For present purposes the principal point of interest is that here the governing body, UEFA, has a real and direct interest not in securing autonomy from EU law but rather in using it to defend its existing model of governance and, most of all, its premier club competition, the Champions League. Pursuit of a more intimate relationship with the EU may involve a diminution of autonomy from regulation but it may the best way for UEFA to protect its autonomy from the avaricious might of the biggest clubs. The EU is an imperfect regulator of sport – it lacks expertise, its competence is not comprehensive, and the geographical boundaries of the EU mean nothing to football. But it will be intriguing to observe whether April 2021’s eruption prompts demands for a more assertive EU, able and willing to move beyond the ad hoc application of competition law and to adopt instead a more proactive role, seeking to establish minimum standards of good governance while ruling out sporting competitions which depart from merit-based criteria for admission. It would – and should – be a chance too for the EU to insist on a more serious commitment to re-distribution of wealth within European football. The biggest clubs have induced the transformation of the Champions League into a competition in which only a small pool of clubs may aspire to reach the later stages, let alone win it, and the disproportionate benefits which attach to mere participation in it have wreaked havoc with competitive balance in smaller national leagues across Europe. UEFA needs EU backing to stop these trends, and to reverse them. This would transform the ‘European Model of Sport’ from windy rhetoric and window-dressing to something more concrete and normative.

Consider too national political processes. In the short term had there been a need to stop the SuperLeague by immediate intervention, then it is national political processes which have the power to act with the necessary speed. Legislation could forbid closed Leagues. A higher level of state intervention in sport would be another threat to UEFA’s autonomy, and would likely be accompanied by pressure to reform its governance, yet it would also provide UEFA with a further means to defend its model from the destructive power unleashed by a SuperLeague. So ‘will politics show its teeth and confer a real-sanctioned monopoly to the football pyramid … [as] a transnational public service?’ (Antoine Duval, April 19 2021). After all, tongue in cheek, ‘political interference with sports is only bad if it goes against governing bodies’ objectives’ (Borja García, April 19 2021).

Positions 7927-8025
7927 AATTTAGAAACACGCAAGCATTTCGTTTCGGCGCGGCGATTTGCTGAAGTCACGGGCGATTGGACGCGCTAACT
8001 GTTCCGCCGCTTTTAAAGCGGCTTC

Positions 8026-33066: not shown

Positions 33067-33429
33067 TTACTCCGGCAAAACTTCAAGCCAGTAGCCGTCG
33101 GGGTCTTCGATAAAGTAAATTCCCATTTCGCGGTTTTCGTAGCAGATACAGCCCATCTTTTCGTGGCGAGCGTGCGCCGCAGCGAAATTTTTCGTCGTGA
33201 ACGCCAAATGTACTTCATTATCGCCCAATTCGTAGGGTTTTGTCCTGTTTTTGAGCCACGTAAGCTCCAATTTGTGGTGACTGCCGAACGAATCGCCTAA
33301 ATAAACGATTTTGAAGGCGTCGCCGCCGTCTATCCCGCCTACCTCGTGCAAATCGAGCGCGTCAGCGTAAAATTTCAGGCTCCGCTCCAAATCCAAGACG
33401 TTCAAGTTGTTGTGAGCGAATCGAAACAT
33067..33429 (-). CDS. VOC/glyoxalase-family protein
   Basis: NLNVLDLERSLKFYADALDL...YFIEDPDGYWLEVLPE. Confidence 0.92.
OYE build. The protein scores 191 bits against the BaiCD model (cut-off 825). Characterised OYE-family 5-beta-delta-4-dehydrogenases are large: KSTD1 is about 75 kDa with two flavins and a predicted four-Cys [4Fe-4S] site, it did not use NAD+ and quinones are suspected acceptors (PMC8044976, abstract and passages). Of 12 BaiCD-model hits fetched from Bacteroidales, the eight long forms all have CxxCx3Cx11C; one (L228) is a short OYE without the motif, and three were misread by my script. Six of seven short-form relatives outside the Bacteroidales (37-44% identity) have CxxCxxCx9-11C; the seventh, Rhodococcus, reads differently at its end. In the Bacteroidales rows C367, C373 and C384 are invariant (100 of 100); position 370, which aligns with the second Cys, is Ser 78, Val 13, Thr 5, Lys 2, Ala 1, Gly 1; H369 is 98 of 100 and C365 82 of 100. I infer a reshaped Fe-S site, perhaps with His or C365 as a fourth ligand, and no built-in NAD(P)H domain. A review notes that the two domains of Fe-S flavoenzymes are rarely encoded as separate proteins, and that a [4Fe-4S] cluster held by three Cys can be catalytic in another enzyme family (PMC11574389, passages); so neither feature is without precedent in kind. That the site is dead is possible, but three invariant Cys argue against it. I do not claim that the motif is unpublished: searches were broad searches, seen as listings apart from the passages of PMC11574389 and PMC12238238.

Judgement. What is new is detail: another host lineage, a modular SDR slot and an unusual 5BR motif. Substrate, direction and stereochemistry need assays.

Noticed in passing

Radical change is often generated by moments of crisis, and it could be that the prime movers behind the ‘SuperLeague’ will come to be seen as having provoked a strengthening, not a weakening, of UEFA’s regulatory and commercial profile. This, however, does depend on UEFA, the EU and national politicians seizing the moment, and acting now to reform governance. They should not assume that because the current crisis is over, business as usual will resume. The unsystematic character of EU competition law should serve to focus attention on the need for broader intervention by the EU in order to protect and improve established systems of governance. Faced by the biggest clubs’ plain disdain for matters of fundamental sporting significance in Europe such as merit-based qualification for competitions and open Leagues with promotion and relegation, UEFA may find the EU a helpful ally: so too it may find a higher level of readiness to intervene in sport at state level serves its purposes. A durable accommodation between sporting tradition and commercially-driven innovation is desperately needed, or else fans can gloomily anticipate the emergence of many more malformed creatures. The creature is not dead.